Tom Harnish/Nov 23, 2010 –
Here are some lessons I learned while attending the Business School of Experience.
Keep in mind, “experience” is really just another word for mistakes. Learn from my experience so you don’t have to learn from yours.
Do Your Homework
Bright ideas are common; people who can turn them into a business are not. Don’t let your enthusiasm keep you from doing your homework.
When starting a business, ask yourself:
- Is there a real market? Can I really create this product/service?
- Can I win? Can my company and product be competitive?
- Will it be worth it? Will it be profitable? Will it support my philosophy, strategy, goals, and objectives?
Build three different models in your spreadsheet: low, likely, and high, and then do some sensitivity analysis. If start-up or roll-out takes longer and costs more than estimated (it always does), what effect will it have?
If you think what you have is unique, think again. Dig around on Google and find out what else is out there that’s similar to what you’re contemplating. Learn what works (or doesn’t) from others who have tried it. Indirect competitors can be as fierce as direct ones.
Find an association that covers what you do, then join it and wring out their reports and statistics. Order a franchise package for a company or product similar to what you have in mind. They’re required by law to tell you the downsides and upsides of the business. Ask for advice; you’ll be surprised how willing people are to help.
Think It Through
It’s very easy to become enamored with an idea and focus on the product, not the market. Spend more time thinking about the market than on developing intricate details for your product/service. Who are you going to sell to? What do they look like? Where are they? How will you reach them? Will they buy? What will they be willing to spend?
Keep in mind that you are a bad market sample; if you like it or your family likes it, it doesn’t matter. Will other people be willing to spend real money to buy it?
Do the Numbers
Figure out what your budget realistically needs to be. Contrary to your gut instinct, if you don’t have a lot of money, a viable solution is not to spend less on development, production, promotion, or staff. If you don’t spend enough, then quality, market awareness or distribution will suffer.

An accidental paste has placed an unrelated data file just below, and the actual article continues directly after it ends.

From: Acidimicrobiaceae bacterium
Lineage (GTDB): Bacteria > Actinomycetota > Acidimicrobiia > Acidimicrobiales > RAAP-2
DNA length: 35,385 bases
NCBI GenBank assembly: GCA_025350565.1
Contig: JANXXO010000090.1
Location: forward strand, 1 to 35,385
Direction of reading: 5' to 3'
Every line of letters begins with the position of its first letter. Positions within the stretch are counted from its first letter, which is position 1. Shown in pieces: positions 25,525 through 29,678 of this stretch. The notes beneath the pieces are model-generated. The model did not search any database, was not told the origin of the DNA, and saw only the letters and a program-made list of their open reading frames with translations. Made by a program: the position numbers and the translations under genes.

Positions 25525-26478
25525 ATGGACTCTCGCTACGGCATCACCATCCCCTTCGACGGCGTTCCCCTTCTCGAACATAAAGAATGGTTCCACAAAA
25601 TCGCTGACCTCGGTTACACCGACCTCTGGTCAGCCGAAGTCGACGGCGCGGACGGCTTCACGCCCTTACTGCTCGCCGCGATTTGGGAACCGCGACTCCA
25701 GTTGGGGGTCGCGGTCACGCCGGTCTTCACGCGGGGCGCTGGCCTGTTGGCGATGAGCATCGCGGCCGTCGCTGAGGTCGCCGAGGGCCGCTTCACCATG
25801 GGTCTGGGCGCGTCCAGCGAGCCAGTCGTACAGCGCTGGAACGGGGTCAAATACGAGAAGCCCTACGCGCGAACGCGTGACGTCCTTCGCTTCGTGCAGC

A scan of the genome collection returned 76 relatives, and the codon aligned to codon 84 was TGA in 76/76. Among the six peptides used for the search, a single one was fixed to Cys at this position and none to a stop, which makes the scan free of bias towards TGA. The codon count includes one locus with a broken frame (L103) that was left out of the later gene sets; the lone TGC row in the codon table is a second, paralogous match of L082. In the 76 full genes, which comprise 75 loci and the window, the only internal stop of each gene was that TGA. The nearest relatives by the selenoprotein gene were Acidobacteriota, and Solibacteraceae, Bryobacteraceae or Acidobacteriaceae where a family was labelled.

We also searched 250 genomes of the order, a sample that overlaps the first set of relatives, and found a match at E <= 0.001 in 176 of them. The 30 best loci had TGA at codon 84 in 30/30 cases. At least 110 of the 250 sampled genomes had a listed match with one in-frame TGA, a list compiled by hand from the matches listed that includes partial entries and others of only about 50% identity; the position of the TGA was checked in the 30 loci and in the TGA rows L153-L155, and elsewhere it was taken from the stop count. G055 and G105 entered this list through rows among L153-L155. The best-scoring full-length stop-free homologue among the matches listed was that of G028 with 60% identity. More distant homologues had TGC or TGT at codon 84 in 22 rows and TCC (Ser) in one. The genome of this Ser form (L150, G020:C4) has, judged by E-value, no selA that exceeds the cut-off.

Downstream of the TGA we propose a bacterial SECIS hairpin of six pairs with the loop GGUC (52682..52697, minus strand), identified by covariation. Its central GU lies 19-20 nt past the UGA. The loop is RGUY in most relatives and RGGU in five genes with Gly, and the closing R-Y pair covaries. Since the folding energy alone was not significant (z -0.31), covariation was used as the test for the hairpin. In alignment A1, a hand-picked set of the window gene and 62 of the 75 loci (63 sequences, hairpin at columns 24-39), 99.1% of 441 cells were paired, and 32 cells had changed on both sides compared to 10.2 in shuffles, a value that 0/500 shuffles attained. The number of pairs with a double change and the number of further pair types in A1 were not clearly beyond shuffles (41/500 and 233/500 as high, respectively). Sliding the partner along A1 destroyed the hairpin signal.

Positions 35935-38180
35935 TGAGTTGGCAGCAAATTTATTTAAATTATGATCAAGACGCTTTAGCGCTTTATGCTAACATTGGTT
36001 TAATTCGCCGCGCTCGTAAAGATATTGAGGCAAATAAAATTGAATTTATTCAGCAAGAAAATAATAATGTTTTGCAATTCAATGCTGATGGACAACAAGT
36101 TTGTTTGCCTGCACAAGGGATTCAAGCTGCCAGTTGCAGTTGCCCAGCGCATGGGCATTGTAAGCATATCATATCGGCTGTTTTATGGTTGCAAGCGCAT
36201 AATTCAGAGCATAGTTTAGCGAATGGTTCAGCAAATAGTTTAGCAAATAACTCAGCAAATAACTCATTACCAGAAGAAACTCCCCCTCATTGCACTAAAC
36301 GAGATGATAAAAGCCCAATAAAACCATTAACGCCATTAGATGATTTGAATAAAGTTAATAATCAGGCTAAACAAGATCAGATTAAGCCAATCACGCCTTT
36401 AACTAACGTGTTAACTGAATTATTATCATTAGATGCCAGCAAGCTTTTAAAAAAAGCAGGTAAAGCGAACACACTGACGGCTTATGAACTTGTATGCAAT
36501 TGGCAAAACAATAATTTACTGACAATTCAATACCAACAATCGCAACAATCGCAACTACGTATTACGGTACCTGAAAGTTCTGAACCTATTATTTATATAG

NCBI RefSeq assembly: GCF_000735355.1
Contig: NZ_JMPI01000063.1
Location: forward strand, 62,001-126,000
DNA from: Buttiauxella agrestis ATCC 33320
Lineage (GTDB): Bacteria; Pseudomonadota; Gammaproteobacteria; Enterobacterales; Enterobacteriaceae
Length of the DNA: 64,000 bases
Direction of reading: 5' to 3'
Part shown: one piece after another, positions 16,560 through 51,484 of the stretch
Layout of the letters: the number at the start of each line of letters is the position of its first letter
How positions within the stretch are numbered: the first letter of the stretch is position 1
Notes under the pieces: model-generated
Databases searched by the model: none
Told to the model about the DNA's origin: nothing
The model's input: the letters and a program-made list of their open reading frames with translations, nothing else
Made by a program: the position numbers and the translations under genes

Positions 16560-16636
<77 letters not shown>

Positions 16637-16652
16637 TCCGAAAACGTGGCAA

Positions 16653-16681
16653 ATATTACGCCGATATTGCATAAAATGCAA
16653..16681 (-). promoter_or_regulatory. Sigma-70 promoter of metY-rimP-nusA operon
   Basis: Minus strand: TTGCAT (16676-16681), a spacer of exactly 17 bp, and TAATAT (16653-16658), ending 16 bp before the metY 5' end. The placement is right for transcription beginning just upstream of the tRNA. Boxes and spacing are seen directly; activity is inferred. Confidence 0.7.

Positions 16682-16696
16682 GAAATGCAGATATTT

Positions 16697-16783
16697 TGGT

Ignore what you have in the bank, define an accurate budget, and then compare what you think you need with how much you have to spend.
Make a List
Create an action plan. List the things that need to get done and then make sublists for all the big things. Put them on a time line.
This mental process allows you to think through what it would really be like to run the business. Who’s going to answer the phone? What if you need more cash for supplies or raw materials? Who will be the company spokesperson for TV interviews? Involve other people who will be working with you so they can help think it through too.
Test, refine, test some more, and then build. Remember, when you test, a “no” answer is as useful as “yes.” Few ideas are perfect right out of the box and many successes are discovered by accident. If your idea works and the market likes it…go! If people don’t, make some changes, big ones if you need to. If you can’t or won’t…WALK AWAY.
Entrepreneurs are notorious for not taking no for answer. But two thirds of businesses fail within 10 years.
Success isn’t just about products and markets, it’s about making sure people know you have a product that will solve a problem for them, it’s worth the money, and you can be trusted to deliver it. Publicity is cheaper than advertising, so do something (tastefully) outrageous.
Share your enthusiasm, dedication, and knowledge with your employees. Then hire people who are smarter than you are.
If you don’t like the people you’re working with, or if you don’t trust them, something’s wrong. Start by taking a careful look at yourself. Are you trustworthy? Are you a hard worker? Are you fun to be around?
Measure performance based on results, not attendance. It doesn’t matter where, when, or how people work as long as they get the job done. If you can’t define what acceptable results are, how can your people possibly be successful?
Look Both Ways
After implementation, look back at where you’ve come from and ask yourself what you might have done differently. Learn from mistakes and successes, and look ahead–the road may have changed while you were busy starting up. Make changes if you need to, be agile, and adjust.
You only have one life to live, so enjoy it. When you have a little success, celebrate! Make sure the people who contributed have a chance to enjoy your success too. You couldn’t have done it without them.
“All who would win joy, must share it; happiness was born a twin.” — Lord Byron
“Thousands of candles can be lit from a single candle, and the life of the candle will not be shortened. Happiness never decreases by being shared.” — Siddhartha
Tom Harnish is a serial entrepreneur. Always on the bleeding edge of technology, he learned what works (and what doesn’t) leading projects, products and companies to success (mostly). He can’t play a lot of musical instruments.